A Review of Pablo Miguel Martínez’s
Brazos, Carry Me

Lauren Espinoza
Brazos, Carry Me
By Pablo Miguel Martínez
San Francisco: Korima Press, 2013.
104 pages. $15 (paperback)

In Pablo Miguel Martínez’s Brazos, Carry Me, the reader is not brought forward into the collection by a speaker who overtly forces the continuous reading; rather, the forward movement in the collection occurs through the gentleness these poems embody through the presence of the speaker. This is evident from the poem that opens the first section, “Wisp.” We see how Martínez intends to take care of his reader, through the act of going back along a path that has been lost: “you will be safe,” and you “follow” as you are pointed toward your way home (7). Even in having this persuasive effort by the speaker foregrounded so early in the book, the work does not have an outward insistence of making the reader follow along this trail. This offers, instead, a slower pacing of the collection: an unfolding manifest by the turn of the page. The quietness of the words comes to the forefront, particularly in poems such as “Not There” and “Printer’s Devil.”

In “Not There,” consider such moments as the ending couplets:

“I long for the T of your open

arms, blessing me home,


shooing away my empty here,

tuning up our brass-band there.” (61)

Likewise, in “Printer’s Devil,” consider “elsewhere” as it is the last word in the penultimate line in the poem:

“in San Antonio. Thank you, sir. My brother and I

will look elsewhere. Tio says this even though elsewhere

is not much better in that oddly peaceful year.” (35)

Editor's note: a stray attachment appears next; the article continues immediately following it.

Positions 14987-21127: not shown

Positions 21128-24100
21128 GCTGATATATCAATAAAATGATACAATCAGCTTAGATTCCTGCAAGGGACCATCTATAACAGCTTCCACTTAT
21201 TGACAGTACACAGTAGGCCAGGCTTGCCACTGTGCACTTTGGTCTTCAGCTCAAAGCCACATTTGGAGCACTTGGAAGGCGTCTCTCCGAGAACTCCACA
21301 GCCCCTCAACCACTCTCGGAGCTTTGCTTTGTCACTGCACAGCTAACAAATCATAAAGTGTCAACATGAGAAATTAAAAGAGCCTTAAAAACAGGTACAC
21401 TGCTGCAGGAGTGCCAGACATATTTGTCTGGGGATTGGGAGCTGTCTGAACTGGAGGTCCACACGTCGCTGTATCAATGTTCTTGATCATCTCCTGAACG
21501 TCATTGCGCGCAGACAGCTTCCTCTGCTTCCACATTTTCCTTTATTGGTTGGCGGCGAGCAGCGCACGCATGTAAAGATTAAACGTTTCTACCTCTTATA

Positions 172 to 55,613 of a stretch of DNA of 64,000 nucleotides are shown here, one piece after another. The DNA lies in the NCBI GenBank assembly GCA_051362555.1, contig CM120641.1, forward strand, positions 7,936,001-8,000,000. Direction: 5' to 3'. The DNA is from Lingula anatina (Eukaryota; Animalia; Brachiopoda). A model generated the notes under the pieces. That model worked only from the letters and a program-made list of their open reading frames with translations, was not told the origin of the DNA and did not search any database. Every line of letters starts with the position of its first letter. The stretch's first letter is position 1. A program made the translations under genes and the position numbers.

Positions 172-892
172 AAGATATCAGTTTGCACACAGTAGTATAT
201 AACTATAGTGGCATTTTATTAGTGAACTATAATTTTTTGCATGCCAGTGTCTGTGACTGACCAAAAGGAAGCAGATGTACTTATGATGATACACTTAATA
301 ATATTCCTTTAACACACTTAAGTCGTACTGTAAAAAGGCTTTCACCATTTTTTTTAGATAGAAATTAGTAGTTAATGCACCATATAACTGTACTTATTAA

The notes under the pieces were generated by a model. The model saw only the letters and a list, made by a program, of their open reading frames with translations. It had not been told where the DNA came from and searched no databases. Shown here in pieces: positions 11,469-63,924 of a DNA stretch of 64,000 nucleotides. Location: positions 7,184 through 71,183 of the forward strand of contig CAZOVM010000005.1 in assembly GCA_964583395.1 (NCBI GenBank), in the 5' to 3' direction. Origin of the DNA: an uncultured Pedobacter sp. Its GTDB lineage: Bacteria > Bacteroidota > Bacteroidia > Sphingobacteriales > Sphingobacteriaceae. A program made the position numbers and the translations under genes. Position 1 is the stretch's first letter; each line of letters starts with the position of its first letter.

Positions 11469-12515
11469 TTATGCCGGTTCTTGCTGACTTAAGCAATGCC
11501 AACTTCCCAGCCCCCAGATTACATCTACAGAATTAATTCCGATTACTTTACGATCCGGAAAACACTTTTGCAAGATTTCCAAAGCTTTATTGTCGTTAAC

A reader must meditate on “here,” “there,” and “elsewhere,” not only because they are italicized and end the lines, but because the meaning for those words is stored intrinsically. Presented so simply, a reader might miss these words and their meaning because they are uncomplicated. But, because work has been done to slow down the reader, there is an inclination toward taking the time to unpack the meaning in the small, italicized words. These poems reveal themselves in such a simple way that allows for a deeper understanding of the meaning of each of the words, and leads to trusting the speaker.

Instead of pointing out the absence that is in much of the collection, what the speaker does is draw our attention forward. Do not look at what is missing, look at what is here. In poems such as, “This Valley,” where the speakers talks of ghosts “whose ghost eyes weep for what has been,” one knows instinctively that these ghosts are not ones meant to haunt (41). Rather they are ones that exist so as to not be forgotten: look at me, I am here. So Brazos, Carry Me sets itself apart: what is called forward in this collection is done so delicately that the melancholy of place is a constant presence. At once reminded of Valerie Martínez’s Each and Her, where the speaker urges the reader to “follow me,” Brazos, Carry Me, guides the reader as they step onto this backdrop. Much like the way a child leads a friend to the slide on the playground, Pablo Miguel Martínez asks his reader to trust him through the slow, methodical unfolding of this collection. So much so, that even when one does not know what is at the end of this slide, the presence and assurance of the speaker is never lost, even while the ghosts are called up all around. This is especially important noting the marginalized communities that Martínez speaks to (and from) in this collection.